How to Handle Acquitted Conduct

Above we discussed the use of conduct that is not charged, not the basis for a conviction, and/or outside the statute of limitations.  However, there is a fourth classification of conduct that must be considered – acquitted conduct.  Acquitted conduct includes conduct where the judge/jury found the defendant not guilty at trial.  The question is whether a District Court may consider the loss under the acquitted conduct at sentencing.

Using our example above, let’s assume the defendant went to trial on the three counts of tax fraud.  The jury found the taxpayer guilty of one count and not guilty of the other two counts.  Under the current law, the Court may consider the acquitted conduct for establishing the total loss amount under the USSG.

While this seems unfair, the logic makes sense.  The government must prove guilt beyond a reasonable doubt at trial.  However, the burden of proof drops to a preponderance of the evidence at sentencing.  The two standards create a gray area where certain factual narratives may exist.  It is entirely possible for a set of facts to meet the preponderance of the evidence standard while falling short of the heightened standard for a conviction.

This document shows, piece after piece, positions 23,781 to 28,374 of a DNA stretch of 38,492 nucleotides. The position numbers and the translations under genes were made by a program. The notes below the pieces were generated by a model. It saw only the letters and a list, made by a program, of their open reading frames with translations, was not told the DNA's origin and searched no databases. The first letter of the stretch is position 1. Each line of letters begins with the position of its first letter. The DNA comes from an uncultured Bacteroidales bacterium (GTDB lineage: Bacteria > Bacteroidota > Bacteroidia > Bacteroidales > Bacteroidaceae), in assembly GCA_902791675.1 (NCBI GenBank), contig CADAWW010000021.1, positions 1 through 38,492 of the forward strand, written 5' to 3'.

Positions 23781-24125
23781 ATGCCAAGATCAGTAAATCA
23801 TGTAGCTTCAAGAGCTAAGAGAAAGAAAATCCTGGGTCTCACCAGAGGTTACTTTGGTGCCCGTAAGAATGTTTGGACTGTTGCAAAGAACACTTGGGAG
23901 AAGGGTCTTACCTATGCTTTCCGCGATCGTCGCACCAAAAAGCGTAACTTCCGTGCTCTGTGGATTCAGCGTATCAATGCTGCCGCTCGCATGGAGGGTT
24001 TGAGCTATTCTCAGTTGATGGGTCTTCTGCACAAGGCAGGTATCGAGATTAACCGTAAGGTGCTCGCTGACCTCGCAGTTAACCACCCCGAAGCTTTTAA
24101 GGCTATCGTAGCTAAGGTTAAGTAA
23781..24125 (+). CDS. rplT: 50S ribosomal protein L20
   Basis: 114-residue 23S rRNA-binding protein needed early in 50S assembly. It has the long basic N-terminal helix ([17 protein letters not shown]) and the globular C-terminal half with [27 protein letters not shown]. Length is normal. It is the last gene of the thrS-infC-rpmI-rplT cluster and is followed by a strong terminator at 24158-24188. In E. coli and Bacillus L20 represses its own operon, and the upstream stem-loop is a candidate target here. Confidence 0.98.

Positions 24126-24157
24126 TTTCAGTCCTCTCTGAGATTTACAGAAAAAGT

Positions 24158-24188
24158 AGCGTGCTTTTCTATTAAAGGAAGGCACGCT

This long standing rule has been crafted by the Circuit Courts of Appeals and sanctioned by the Supreme Court in United States v. Watts, 519 U,S, 148 (1997).  However, the decision in Watts answered challenges tied to the provisions of the USSG. The Supreme Court has not decided whether the use of acquitted or uncharged conduct violates a defendant’s rights under the Fifth or Sixth Amendments to the United States Constitution.

The Supreme Court has finally decided to address that very issue in Karr v. United States.  Karr received an enhancement under the USSG for causing the death of another after being acquitted for the same conduct at trial.  The Supreme Court granted certiorari and should hear Karr’s case in the coming months.  It will be interesting to see if the Supreme Court will deliver the first blow to Circuit decisions which have generally allowed all conduct to be considered at sentencing.  When the Supreme Court delivers their opinion in Karr, we will navigate the procedural history and the ultimate outcome in a subsequent post.